Digital does not have one overall definition. Thankfully the group avoided spending too long debating this! The key question to ask was ‘What does digital mean to City Hall?’. This aligns everyone around a shared language and a common goal and should the answer will differ from organisation to organisation.
Digital understanding does not equal digital skills knowledge. Digital understanding means to understand and know the implication of digital, the internet, data, etc. Digital understanding is about adapting to, questioning and shaping the way technologies are changing the world. As digital delivery expert Janet Hughes (Doteveryone) says:
“It is somehow still socially acceptable for leaders to say that they don’t understand the changes that have been brought into our lives by digital technology (… ) although it affects most aspects of our lives and most aspects of the strategy and operations of most organisations.”
Leaders need to understand enough about digital to make effective decisions, just as they do about HR, legal, procurement and finance.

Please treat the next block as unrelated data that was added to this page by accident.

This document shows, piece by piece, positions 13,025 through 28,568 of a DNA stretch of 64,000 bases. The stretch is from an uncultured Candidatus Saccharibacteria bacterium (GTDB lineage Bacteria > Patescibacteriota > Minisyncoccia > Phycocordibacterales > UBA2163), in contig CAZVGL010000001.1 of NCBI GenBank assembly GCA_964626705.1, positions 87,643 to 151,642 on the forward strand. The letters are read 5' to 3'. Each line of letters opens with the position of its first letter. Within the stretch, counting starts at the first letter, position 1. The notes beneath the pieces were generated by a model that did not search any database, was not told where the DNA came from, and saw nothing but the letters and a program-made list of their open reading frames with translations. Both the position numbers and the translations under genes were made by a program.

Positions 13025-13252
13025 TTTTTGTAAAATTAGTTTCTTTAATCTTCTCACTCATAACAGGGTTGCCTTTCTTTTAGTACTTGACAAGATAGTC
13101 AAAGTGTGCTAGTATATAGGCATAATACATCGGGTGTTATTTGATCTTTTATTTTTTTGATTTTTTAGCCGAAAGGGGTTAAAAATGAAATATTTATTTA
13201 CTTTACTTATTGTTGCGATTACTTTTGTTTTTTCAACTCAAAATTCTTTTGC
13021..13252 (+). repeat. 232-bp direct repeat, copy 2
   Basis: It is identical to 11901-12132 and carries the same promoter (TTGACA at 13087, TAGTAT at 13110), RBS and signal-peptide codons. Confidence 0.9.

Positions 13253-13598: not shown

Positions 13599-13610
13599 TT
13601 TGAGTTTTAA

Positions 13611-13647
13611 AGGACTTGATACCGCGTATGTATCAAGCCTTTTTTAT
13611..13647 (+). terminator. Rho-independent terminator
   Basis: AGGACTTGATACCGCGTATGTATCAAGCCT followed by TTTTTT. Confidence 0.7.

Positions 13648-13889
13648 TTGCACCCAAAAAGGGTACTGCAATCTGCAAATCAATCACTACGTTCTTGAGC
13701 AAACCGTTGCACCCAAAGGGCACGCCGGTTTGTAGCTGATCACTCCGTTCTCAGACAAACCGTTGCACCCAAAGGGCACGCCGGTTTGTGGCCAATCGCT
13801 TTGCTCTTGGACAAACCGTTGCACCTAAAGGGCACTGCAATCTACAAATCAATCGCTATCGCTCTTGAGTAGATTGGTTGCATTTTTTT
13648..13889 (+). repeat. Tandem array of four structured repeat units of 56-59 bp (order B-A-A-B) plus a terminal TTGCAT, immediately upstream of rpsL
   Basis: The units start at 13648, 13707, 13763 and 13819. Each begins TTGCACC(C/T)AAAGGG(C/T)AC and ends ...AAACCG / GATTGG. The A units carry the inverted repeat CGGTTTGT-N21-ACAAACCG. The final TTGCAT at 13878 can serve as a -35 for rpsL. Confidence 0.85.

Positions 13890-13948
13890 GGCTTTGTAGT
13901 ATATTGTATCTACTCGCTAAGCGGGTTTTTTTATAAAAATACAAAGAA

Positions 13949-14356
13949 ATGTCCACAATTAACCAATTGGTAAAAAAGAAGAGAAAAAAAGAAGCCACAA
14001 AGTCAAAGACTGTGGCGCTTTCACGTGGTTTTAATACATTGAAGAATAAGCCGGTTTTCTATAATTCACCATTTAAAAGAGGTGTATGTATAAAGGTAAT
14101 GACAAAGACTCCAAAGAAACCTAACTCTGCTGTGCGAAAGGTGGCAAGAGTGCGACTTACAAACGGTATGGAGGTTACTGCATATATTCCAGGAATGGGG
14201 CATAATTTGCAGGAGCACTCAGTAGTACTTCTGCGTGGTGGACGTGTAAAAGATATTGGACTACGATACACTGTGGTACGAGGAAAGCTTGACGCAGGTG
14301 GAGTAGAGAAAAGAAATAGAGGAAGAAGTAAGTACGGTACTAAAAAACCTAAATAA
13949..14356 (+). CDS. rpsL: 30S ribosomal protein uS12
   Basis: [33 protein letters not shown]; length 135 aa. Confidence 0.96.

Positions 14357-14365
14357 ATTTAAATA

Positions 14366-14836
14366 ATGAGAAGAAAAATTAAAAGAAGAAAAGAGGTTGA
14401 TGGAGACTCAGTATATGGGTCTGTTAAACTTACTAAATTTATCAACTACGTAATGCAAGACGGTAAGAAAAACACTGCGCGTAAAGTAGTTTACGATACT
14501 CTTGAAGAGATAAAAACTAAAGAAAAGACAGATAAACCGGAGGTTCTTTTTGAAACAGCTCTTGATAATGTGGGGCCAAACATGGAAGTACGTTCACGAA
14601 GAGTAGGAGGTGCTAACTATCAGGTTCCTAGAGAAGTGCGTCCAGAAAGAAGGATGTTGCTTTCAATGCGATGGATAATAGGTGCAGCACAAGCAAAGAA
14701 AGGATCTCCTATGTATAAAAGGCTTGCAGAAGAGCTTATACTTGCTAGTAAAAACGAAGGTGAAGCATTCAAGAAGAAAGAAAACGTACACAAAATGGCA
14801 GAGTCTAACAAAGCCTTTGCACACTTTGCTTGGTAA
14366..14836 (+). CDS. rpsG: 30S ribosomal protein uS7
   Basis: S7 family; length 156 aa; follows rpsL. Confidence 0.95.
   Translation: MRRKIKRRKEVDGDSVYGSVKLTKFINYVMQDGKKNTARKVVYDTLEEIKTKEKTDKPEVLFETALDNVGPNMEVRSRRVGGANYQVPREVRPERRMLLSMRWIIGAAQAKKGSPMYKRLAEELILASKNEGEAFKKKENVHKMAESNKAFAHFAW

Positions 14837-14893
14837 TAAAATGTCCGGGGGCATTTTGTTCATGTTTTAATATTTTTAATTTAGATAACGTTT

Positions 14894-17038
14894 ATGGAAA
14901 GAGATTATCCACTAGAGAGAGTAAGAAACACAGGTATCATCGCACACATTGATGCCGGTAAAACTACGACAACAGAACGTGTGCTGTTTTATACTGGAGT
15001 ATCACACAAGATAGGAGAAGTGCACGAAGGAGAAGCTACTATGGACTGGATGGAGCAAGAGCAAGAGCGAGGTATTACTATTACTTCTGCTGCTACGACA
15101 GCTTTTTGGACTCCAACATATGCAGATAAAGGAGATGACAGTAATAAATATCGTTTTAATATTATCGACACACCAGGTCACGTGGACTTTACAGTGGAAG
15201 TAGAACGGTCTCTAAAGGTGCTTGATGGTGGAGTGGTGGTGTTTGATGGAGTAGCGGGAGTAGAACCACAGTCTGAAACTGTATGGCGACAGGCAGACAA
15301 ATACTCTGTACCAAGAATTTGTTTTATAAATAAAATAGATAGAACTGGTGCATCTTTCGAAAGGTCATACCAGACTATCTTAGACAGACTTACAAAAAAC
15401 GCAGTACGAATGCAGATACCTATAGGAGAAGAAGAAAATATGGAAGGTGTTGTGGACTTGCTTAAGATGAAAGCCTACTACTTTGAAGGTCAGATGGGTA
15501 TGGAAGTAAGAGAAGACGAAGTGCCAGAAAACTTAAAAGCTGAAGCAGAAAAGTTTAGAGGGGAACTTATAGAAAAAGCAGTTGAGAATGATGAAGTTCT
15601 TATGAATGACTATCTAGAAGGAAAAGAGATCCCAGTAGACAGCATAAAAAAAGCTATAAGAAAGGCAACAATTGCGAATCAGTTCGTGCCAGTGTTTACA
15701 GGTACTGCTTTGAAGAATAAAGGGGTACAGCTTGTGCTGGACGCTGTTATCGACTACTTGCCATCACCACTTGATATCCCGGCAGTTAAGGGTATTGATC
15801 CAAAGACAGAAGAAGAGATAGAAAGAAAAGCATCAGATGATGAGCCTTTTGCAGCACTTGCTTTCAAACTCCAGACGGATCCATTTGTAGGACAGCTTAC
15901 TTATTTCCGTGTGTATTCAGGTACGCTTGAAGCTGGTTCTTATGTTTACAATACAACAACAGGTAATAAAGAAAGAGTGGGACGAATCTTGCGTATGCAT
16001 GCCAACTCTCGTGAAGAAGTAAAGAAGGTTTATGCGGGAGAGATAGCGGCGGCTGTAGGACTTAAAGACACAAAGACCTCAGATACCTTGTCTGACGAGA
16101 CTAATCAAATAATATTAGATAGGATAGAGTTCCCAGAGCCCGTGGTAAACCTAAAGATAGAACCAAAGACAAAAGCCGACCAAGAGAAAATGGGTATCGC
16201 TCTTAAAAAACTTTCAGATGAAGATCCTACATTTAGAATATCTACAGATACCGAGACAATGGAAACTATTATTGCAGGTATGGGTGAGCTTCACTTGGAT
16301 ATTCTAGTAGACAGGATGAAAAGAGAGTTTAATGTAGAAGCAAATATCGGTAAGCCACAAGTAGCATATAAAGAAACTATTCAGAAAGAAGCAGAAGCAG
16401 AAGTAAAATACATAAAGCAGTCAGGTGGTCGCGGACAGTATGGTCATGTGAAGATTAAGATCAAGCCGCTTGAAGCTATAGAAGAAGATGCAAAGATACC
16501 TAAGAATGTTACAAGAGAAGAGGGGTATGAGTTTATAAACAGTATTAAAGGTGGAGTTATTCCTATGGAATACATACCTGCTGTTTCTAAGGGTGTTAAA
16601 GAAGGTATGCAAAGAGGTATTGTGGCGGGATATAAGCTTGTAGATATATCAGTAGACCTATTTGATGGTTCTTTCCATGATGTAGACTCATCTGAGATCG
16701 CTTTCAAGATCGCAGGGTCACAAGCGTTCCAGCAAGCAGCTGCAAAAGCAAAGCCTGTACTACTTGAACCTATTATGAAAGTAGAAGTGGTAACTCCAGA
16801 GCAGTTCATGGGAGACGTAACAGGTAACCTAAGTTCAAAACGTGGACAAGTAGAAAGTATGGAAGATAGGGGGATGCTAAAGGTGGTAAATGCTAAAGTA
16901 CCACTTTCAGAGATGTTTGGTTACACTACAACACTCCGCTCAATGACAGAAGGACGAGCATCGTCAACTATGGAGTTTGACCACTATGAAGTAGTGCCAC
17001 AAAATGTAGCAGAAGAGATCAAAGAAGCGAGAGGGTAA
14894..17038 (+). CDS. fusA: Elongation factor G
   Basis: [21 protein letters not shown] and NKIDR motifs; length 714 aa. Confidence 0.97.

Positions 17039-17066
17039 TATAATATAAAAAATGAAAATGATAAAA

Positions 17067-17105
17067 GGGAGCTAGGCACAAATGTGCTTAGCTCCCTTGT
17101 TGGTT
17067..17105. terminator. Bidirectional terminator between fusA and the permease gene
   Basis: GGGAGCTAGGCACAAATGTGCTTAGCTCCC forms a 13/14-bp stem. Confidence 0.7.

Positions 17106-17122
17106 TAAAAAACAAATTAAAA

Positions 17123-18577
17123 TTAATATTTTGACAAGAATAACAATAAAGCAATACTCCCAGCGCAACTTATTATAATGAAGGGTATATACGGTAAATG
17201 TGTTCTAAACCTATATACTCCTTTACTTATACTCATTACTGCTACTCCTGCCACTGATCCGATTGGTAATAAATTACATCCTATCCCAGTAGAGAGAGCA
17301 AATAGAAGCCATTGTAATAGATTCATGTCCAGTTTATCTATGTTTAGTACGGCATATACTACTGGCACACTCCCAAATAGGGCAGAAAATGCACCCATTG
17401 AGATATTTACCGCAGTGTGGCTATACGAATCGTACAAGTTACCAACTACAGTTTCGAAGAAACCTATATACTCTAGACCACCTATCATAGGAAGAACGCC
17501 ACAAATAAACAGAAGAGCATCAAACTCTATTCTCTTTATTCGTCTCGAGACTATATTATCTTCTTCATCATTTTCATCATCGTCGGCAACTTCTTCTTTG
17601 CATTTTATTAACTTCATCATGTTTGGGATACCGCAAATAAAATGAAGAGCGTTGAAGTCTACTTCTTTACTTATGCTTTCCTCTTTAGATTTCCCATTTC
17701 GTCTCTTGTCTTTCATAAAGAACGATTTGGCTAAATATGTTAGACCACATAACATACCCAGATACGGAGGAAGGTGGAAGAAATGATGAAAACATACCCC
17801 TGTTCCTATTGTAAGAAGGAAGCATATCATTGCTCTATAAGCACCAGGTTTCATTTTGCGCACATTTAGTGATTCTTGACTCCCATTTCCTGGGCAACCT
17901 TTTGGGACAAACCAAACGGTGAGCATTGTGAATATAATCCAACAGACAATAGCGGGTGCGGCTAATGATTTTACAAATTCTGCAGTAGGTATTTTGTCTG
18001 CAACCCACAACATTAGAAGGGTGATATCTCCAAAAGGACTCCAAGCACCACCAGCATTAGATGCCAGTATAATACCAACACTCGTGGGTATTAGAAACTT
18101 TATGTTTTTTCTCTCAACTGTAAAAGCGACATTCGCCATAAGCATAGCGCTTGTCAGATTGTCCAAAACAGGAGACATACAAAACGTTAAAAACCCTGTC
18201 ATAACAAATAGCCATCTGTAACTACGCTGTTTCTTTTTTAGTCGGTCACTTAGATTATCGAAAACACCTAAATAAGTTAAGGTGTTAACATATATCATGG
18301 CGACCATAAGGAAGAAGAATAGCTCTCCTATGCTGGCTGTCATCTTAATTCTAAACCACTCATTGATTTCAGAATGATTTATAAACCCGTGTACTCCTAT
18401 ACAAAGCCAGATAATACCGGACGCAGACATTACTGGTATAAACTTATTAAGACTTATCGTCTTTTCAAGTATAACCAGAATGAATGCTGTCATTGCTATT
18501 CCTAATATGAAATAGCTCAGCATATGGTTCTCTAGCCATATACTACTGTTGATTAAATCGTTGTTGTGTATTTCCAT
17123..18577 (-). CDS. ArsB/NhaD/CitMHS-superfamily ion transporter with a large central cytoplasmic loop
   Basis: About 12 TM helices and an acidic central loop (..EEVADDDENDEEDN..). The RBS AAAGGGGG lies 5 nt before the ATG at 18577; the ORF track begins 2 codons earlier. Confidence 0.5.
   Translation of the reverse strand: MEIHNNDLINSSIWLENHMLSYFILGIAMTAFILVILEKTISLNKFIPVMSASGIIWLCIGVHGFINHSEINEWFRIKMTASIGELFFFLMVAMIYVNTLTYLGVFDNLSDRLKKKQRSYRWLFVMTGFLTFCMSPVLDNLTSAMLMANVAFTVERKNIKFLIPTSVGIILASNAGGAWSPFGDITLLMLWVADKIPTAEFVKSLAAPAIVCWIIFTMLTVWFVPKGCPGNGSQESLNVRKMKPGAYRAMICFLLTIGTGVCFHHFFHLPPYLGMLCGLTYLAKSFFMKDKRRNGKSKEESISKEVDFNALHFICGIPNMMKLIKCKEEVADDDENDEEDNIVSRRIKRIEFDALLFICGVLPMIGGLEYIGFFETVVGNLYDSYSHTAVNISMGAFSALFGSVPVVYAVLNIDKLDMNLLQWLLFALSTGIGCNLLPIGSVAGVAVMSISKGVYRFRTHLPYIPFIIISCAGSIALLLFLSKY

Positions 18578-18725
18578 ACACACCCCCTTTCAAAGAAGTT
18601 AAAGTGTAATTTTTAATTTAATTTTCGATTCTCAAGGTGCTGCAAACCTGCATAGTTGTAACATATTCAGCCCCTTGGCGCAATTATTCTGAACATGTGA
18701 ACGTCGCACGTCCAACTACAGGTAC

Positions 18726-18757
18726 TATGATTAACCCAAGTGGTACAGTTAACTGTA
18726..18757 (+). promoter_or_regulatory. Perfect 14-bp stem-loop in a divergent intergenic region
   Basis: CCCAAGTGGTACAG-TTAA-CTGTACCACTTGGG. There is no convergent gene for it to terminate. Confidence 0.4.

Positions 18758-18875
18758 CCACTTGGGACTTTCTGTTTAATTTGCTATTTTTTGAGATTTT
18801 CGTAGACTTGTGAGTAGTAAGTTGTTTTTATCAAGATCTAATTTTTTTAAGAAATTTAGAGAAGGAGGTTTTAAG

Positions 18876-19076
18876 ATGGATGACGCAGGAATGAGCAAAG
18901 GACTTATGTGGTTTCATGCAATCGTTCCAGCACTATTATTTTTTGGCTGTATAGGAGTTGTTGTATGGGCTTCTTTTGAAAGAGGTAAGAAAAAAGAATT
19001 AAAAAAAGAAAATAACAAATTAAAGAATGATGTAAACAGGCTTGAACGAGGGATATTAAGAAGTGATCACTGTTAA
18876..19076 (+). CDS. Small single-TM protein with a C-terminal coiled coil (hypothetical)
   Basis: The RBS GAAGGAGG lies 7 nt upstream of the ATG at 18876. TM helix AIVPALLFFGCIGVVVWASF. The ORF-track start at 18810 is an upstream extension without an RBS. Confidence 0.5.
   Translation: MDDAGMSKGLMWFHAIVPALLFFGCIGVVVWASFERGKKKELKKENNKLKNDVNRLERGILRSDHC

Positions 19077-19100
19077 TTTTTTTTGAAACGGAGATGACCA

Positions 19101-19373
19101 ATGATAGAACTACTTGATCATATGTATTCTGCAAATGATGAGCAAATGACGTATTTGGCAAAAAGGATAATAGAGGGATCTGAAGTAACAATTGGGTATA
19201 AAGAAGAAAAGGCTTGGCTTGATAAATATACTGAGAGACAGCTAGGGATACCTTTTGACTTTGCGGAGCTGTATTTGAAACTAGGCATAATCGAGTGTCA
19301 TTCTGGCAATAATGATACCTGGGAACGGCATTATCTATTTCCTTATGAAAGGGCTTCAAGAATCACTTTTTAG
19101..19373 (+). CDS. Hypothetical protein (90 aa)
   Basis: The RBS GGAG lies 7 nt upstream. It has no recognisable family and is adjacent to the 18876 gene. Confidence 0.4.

Leadership in an increasingly volatile world means responsible leadership. Digital understanding and critical thinking are two key drivers of responsible leadership. In a world of constant, fast progress and high levels of ambiguity, leaders need to develop and nurture an environment that allows and rewards critical thinking within leadership, teams and people. We want to encourage critical thinking within the GLA to help shift focus on exploring the questions and defining the ‘problem’ rather than focus on ‘solution mode’. We’d like the organisation to move from an ‘in time, in budget, in scope’ mentality to a ‘is this the right question’ mentality.
We’ve seen that, as the programme progressed, the cohort were able to identify challenges and take these back to City Hall. This led to decisions being taken to improve our project definition processes and prioritisation, as well as bringing new behaviours into the Digital Board.